US2170219A - Ultra high frequency oscillator - Google Patents

Ultra high frequency oscillator Download PDF

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Publication number
US2170219A
US2170219A US171485A US17148537A US2170219A US 2170219 A US2170219 A US 2170219A US 171485 A US171485 A US 171485A US 17148537 A US17148537 A US 17148537A US 2170219 A US2170219 A US 2170219A
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electrode
cathode
accelerator
grid
electrodes
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US171485A
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Seiler Richard
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Telefunken AG
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Telefunken AG
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    • HELECTRICITY
    • H01BASIC ELECTRIC ELEMENTS
    • H01JELECTRIC DISCHARGE TUBES OR DISCHARGE LAMPS
    • H01J25/00Transit-time tubes, e.g. klystrons, travelling-wave tubes, magnetrons
    • H01J25/68Tubes specially designed to act as oscillator with positive grid and retarding field, e.g. for Barkhausen-Kurz oscillators
    • HELECTRICITY
    • H01BASIC ELECTRIC ELEMENTS
    • H01JELECTRIC DISCHARGE TUBES OR DISCHARGE LAMPS
    • H01J25/00Transit-time tubes, e.g. klystrons, travelling-wave tubes, magnetrons
    • H01J25/76Dynamic electron-multiplier tubes, e.g. Farnsworth multiplier tube, multipactor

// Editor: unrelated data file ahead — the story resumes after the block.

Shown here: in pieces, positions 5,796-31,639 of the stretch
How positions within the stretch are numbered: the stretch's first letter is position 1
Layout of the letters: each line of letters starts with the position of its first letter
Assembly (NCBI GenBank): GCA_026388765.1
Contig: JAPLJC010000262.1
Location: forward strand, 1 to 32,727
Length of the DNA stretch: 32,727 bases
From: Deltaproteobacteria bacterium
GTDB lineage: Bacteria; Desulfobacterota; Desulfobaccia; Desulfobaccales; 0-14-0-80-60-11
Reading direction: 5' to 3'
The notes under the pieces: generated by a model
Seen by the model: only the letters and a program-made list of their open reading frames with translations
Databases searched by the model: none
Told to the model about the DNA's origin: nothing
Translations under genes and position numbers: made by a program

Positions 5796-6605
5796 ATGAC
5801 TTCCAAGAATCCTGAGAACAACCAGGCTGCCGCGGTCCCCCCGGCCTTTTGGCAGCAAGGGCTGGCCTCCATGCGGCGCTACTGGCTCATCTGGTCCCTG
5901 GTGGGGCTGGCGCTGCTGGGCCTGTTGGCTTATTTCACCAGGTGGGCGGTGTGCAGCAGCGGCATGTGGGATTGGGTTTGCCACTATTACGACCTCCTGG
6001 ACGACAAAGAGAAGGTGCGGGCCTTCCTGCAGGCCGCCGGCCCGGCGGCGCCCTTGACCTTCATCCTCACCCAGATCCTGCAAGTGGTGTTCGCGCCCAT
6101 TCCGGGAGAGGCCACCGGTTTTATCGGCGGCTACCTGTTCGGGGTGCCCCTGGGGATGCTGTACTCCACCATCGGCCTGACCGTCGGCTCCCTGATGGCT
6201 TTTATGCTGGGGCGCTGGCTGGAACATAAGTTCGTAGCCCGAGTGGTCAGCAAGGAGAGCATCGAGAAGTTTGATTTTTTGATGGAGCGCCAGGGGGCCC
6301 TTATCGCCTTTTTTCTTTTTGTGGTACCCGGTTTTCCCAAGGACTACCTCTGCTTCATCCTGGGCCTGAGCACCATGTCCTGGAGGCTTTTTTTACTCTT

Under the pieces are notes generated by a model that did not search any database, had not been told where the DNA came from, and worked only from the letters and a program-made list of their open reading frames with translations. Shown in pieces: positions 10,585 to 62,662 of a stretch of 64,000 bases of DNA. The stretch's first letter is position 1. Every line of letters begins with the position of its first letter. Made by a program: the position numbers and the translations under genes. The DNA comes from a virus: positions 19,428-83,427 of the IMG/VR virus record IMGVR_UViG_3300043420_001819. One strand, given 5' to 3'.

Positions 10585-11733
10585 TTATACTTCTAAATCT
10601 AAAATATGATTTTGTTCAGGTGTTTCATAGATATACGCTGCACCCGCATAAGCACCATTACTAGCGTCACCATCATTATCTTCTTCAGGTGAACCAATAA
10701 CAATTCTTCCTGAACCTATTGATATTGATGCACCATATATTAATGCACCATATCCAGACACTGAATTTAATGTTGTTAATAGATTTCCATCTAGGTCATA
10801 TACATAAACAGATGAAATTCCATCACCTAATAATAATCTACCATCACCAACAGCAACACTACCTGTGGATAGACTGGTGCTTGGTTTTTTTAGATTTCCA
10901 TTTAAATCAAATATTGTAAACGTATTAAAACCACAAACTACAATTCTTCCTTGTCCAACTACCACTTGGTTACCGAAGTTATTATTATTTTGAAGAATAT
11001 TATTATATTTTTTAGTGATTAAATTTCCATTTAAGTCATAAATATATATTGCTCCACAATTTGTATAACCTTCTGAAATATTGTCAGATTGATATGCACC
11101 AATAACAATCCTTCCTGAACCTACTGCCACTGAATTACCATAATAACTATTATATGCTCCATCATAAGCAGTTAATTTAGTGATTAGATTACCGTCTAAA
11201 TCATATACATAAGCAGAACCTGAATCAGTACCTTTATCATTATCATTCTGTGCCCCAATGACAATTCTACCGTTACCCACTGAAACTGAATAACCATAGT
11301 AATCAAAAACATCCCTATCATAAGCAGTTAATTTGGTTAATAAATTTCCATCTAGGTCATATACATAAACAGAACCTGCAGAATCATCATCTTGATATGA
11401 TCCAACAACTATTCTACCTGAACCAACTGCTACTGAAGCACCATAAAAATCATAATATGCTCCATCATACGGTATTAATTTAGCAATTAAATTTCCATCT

Description

Aug. 22, 1939. R. SEILER ULTRA HIGH FREQUENCY OSCILLATOR Filed Oct. 28, 19:57
INV EN TOR.
. 'lc RD SE/LER ATTORNEY.
Patented Aug. 22, 1939 PATENT OFFICE ULTRA HIGH FREQUENCY OSCILLATOR Richard Seller, Berlin, Germany, assignor to Telefunlrenv Gesellschaft fiir Drahtlose Telegraphie m. b. 11., Berlin, Germany, a corporation of Germany Application October 28, 1931, Serial No. 171,485
In Germany October 16, 1936 9 Claims. (Cl. 250- 275) The present invention relates to electron discharge tubes and circuits therefor. In carrying out the invention it is contemplated that by the aid of a tube of the retarding-field type it is fea- 6 sible to generate transit-time oscillations andmore particularly retarding-field or electron-oscillation waves with better efifilciency and above all without the necessity of providing additional circuit elements.
If in a retarding-field or electron-oscillation circuit arrangement the oscillatory circuit is interposed between the accelerator grid and the transit time of the electrons from the grid to the anode.
It can be shown in this connection that the transit time in the grid-cathode space has no effect upon the behavior of the oscillations. In
fact, this assumption has been supported by actual measurements (see, for instance, L. Collenbusch, Annalen der Phys., (5), vol. 13, 1932, p. 191).
It follows from this fact, and it has been confirmed by experiment that (1) for'the observed type of oscillation the behavior of the electrons in the grid-anode space alone is governing and decisive; and (2) in this scheme the grid is called upon to fulfill two contradictory or conflicting functions, to wit: (a) by virtue of its high positive potential it must cause the electrons to assume the requisite velocity and to pass into the grid-anode space; and (b) the grid must serve as a gathering or collector electrode for such electrons as are reversed in a plane anterior to the retarding electrode.
These two opposed functions of the grid are further discussed in the following: